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Hamilton marks National Indigenous Peoples Day

Today, the City of Hamilton is marking National Indigenous Peoples Day: a day observed across Canada in recognition of the contributions of First Nations, Inuit, and Métis Indigenous peoples.

It is also a day that celebrates the traditions and cultures of Indigenous populations, while also encouraging public education on Canada’s past and current impacts of colonialism, oppression, genocide, and systemic racism at the hands of settlers; all of which continue to actively harm Indigenous communities today.

To commemorate the day, the city issued a land acknowledgement and held a live virtual celebration via YouTube this afternoon that can still be viewed here.

“The City of Hamilton is situated upon the traditional territories of the Erie, Neutral, Huron-Wendat, Haudenosaunee and Mississaugas. This land is covered by the Dish With One Spoon Wampum Belt Covenant, which was an agreement between the Haudenosaunee and Anishinaabek to share and care for the resources around the Great Lakes,” reads the city’s land acknowledgment.

“We further acknowledge that this land is covered by the Between the Lakes Purchase, 1792, between the Crown and the Mississaugas of the Credit First Nation.

“Today, the City of Hamilton is home to many Indigenous people from across Turtle Island (North America) and we recognize that we must do more to learn about the rich history of this land so that we can better understand our roles as residents, neighbours, partners and caretakers.”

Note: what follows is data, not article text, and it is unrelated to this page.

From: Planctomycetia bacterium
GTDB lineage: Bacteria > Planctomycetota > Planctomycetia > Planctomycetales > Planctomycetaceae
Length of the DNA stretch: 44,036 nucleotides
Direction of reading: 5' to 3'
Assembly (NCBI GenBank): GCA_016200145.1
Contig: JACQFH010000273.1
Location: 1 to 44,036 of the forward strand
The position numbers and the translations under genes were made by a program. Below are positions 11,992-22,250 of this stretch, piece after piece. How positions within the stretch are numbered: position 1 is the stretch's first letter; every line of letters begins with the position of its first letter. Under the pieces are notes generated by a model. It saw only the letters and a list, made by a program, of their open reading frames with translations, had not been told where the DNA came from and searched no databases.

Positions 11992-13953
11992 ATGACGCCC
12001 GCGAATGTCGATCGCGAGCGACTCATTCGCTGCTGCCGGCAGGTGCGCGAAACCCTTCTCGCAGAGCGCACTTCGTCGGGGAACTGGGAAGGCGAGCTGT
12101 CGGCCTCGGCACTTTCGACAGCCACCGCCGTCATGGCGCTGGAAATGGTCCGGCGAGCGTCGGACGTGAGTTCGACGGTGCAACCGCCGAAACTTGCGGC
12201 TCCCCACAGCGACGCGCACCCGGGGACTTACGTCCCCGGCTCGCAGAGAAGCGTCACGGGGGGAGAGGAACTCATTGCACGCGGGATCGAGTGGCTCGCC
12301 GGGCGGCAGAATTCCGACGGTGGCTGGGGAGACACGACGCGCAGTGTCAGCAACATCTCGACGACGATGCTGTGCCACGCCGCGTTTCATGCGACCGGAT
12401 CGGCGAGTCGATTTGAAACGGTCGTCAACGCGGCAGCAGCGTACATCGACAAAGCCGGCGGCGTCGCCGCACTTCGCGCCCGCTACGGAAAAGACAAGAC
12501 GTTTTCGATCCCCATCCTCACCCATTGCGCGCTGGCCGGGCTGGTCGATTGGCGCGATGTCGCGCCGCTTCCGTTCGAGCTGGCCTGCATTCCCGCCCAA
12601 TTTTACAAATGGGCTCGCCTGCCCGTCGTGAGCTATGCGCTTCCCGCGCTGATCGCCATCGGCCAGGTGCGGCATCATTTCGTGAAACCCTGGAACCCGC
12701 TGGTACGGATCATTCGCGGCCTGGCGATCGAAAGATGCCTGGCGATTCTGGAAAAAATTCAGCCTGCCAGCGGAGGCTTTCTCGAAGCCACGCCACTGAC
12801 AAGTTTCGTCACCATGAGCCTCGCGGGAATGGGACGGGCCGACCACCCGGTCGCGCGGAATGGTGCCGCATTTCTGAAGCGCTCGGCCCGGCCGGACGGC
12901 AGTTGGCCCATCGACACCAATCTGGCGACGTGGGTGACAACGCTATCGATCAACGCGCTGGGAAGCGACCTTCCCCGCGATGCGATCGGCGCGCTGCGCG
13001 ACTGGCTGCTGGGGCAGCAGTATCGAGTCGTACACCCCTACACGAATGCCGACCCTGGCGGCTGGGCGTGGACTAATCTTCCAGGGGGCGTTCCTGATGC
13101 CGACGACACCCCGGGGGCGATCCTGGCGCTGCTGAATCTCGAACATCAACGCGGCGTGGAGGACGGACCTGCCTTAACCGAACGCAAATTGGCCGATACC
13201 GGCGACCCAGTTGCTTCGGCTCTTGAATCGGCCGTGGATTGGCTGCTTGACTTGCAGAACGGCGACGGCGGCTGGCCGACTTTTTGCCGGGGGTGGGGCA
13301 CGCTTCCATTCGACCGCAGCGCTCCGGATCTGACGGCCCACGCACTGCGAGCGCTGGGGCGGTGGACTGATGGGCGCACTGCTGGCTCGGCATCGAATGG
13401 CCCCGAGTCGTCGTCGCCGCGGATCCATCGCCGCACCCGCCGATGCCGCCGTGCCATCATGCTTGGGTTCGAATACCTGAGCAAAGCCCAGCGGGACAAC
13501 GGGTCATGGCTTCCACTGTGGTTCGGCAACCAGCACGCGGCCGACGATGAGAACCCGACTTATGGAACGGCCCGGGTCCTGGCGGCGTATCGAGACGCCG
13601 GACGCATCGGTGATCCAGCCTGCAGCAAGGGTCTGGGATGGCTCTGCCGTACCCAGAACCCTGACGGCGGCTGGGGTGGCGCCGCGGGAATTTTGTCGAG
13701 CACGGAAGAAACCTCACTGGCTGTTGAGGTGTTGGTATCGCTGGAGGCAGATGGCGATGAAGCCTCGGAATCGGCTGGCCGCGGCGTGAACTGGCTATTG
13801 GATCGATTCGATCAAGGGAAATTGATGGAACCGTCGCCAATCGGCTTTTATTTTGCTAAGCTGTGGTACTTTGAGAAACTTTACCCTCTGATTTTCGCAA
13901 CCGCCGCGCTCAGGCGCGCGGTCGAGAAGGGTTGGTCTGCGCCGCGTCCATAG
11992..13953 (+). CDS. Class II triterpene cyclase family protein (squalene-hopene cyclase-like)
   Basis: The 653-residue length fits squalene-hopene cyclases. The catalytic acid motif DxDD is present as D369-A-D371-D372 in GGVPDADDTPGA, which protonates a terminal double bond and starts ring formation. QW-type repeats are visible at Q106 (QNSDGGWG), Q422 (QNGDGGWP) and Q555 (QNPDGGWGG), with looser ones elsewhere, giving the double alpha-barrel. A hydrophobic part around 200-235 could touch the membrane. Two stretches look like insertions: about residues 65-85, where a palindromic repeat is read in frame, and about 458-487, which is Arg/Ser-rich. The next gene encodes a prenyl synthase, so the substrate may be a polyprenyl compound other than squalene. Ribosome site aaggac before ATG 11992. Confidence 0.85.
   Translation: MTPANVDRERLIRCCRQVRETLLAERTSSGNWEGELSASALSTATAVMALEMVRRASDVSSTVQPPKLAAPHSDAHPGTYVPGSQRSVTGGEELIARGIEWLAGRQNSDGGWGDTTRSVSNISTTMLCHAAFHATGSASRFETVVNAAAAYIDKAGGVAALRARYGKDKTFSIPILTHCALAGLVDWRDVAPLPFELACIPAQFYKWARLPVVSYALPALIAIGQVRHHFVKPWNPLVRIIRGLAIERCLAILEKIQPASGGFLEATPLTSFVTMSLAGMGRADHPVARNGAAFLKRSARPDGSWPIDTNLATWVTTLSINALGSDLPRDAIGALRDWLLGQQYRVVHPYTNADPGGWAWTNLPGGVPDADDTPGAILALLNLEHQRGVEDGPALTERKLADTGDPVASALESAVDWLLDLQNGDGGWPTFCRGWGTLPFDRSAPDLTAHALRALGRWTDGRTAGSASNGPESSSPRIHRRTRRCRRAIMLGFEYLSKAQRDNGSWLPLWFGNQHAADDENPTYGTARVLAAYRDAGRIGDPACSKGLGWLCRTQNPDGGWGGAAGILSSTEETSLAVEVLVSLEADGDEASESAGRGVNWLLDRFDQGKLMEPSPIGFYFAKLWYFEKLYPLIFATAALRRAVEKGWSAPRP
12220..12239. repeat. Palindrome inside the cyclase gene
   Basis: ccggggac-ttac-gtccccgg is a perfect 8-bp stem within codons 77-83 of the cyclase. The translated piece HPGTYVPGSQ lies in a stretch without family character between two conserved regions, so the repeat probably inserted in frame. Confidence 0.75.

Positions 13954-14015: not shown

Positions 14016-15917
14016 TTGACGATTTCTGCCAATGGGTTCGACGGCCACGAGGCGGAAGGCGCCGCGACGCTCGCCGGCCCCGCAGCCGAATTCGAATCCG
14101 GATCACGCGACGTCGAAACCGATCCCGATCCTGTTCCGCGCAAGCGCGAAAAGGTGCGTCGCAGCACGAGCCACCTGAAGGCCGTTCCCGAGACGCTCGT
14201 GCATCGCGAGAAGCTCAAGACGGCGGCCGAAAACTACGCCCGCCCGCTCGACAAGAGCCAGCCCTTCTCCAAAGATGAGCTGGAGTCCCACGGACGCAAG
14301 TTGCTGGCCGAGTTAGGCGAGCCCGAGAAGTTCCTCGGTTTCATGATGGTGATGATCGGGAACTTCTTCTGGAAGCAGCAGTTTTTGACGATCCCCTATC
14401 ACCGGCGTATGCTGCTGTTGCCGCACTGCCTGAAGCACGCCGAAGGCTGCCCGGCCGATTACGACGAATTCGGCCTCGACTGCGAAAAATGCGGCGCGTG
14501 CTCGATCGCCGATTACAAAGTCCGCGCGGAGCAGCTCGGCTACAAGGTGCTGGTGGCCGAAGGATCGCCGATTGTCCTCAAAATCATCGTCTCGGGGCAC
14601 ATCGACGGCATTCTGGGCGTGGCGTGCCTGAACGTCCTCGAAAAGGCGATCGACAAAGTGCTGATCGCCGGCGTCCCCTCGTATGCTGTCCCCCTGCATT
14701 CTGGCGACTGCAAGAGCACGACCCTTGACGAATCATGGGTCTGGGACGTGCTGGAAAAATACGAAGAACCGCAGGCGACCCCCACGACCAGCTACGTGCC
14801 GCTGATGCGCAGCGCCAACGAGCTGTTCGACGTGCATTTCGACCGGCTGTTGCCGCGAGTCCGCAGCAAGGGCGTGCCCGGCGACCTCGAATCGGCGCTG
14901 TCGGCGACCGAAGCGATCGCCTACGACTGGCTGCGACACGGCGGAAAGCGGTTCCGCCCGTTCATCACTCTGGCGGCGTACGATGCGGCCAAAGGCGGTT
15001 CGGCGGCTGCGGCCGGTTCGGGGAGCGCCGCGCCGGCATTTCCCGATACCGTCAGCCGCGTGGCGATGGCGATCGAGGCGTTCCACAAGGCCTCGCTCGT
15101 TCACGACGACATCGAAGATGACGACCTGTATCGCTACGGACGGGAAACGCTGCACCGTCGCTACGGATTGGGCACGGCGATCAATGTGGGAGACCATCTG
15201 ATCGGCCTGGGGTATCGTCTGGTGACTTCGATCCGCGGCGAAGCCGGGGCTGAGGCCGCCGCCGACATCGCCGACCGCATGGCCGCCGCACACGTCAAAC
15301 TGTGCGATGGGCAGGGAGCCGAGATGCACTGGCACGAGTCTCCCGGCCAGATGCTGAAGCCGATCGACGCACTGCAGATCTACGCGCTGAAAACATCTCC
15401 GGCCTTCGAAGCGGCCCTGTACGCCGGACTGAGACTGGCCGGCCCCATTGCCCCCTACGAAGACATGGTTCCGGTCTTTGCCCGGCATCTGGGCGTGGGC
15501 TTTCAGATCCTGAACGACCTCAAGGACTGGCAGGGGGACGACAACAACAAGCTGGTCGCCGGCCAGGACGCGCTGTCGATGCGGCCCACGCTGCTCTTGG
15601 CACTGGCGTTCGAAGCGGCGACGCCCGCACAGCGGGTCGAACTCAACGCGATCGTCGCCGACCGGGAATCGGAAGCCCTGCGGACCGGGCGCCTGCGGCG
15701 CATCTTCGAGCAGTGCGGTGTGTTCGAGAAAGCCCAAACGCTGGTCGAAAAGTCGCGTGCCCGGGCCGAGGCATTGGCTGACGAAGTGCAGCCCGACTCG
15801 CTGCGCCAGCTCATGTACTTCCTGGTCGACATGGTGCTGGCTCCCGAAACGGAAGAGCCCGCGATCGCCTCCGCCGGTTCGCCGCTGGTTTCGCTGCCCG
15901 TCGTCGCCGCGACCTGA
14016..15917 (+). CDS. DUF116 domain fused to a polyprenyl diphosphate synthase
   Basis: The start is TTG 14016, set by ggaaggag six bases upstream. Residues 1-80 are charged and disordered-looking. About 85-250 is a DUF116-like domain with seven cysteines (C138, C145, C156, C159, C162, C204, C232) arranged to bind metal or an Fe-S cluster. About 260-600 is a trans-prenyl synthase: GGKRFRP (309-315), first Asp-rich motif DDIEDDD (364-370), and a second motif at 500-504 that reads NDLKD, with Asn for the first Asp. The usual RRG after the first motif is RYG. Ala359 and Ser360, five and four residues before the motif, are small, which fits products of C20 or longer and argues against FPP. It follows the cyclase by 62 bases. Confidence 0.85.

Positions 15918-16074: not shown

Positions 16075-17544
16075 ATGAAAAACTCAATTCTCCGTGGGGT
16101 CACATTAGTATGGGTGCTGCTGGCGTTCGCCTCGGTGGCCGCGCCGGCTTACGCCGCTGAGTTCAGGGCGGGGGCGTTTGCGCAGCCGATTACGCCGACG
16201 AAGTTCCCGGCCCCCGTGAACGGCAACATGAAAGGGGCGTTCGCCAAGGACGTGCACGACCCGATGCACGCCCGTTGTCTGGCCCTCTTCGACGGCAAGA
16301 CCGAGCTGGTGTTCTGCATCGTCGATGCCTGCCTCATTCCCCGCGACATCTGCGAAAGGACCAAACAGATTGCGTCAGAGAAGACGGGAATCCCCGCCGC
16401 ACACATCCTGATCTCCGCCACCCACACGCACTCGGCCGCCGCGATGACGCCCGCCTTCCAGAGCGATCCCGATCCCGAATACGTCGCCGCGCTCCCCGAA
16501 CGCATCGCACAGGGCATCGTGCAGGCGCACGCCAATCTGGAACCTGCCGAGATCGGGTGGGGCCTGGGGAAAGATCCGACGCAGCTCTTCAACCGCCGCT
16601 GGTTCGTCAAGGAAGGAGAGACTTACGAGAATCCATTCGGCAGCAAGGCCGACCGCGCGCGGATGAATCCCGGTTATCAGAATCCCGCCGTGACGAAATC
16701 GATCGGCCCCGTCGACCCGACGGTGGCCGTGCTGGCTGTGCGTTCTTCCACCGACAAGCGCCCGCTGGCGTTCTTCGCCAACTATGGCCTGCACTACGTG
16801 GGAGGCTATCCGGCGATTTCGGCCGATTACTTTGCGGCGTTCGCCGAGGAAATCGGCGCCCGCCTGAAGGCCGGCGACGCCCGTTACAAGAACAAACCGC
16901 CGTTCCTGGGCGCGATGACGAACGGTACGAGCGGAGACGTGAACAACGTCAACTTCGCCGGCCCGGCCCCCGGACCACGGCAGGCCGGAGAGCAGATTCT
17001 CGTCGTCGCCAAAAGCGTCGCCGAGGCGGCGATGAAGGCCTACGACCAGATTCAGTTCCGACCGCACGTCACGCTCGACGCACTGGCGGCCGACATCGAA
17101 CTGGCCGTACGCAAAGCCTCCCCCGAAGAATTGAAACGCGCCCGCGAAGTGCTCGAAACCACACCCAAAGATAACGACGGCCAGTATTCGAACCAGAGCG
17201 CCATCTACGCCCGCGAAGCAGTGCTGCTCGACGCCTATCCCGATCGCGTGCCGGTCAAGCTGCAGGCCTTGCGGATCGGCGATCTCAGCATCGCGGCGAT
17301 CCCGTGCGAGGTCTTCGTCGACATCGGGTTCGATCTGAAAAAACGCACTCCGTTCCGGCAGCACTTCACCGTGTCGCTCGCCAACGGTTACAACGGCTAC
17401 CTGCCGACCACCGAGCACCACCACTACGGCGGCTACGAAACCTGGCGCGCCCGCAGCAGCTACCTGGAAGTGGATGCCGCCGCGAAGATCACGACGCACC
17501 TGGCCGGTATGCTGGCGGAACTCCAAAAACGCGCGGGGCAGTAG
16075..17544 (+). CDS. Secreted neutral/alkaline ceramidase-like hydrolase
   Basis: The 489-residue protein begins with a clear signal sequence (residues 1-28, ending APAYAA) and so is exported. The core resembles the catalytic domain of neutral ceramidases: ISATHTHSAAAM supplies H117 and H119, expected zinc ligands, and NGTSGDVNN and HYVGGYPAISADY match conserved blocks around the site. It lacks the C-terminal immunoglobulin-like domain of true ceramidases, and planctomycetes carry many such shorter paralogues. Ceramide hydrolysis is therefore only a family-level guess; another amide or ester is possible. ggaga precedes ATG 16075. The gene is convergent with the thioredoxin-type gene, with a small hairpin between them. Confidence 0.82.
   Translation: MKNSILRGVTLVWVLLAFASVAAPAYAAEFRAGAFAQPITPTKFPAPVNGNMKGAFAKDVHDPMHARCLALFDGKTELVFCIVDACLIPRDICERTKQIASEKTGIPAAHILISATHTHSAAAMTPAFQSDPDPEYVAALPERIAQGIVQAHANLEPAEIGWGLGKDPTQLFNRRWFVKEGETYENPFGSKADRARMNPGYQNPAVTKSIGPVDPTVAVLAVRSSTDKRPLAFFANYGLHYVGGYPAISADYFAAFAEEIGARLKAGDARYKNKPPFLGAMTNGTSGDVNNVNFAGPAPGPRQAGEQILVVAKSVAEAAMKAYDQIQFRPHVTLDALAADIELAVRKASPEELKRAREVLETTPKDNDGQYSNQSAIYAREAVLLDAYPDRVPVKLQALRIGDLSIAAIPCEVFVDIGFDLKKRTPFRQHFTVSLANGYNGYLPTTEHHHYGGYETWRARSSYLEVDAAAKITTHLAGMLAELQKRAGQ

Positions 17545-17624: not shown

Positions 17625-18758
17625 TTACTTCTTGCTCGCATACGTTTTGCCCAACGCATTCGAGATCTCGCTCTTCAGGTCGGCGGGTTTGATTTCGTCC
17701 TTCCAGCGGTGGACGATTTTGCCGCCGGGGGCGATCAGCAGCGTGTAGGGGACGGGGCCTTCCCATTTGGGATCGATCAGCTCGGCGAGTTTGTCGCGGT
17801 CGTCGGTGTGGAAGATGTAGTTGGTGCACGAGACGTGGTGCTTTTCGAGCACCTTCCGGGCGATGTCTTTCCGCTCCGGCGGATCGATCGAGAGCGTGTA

However, with these acknowledgments also comes immense public pressure for the city to take actionable steps towards committing to truth and reconciliation; starting with an intense push for Hamilton to finally remove the prominent statue of John A. Macdonald from Gore Park.

John A. Macdonald famously assisted with the establishment of Canada’s atrocious residential school system, and the call for his statue’s removal has never been louder.

In fact, just today, members of the Indigenous community covered the Gore Park statue in black fabric from head to toe, tying it off with red rope.

As of now, the city has announced no plans to remove the statue.

Read more here.

Lead image courtesy of @cityofhamilton

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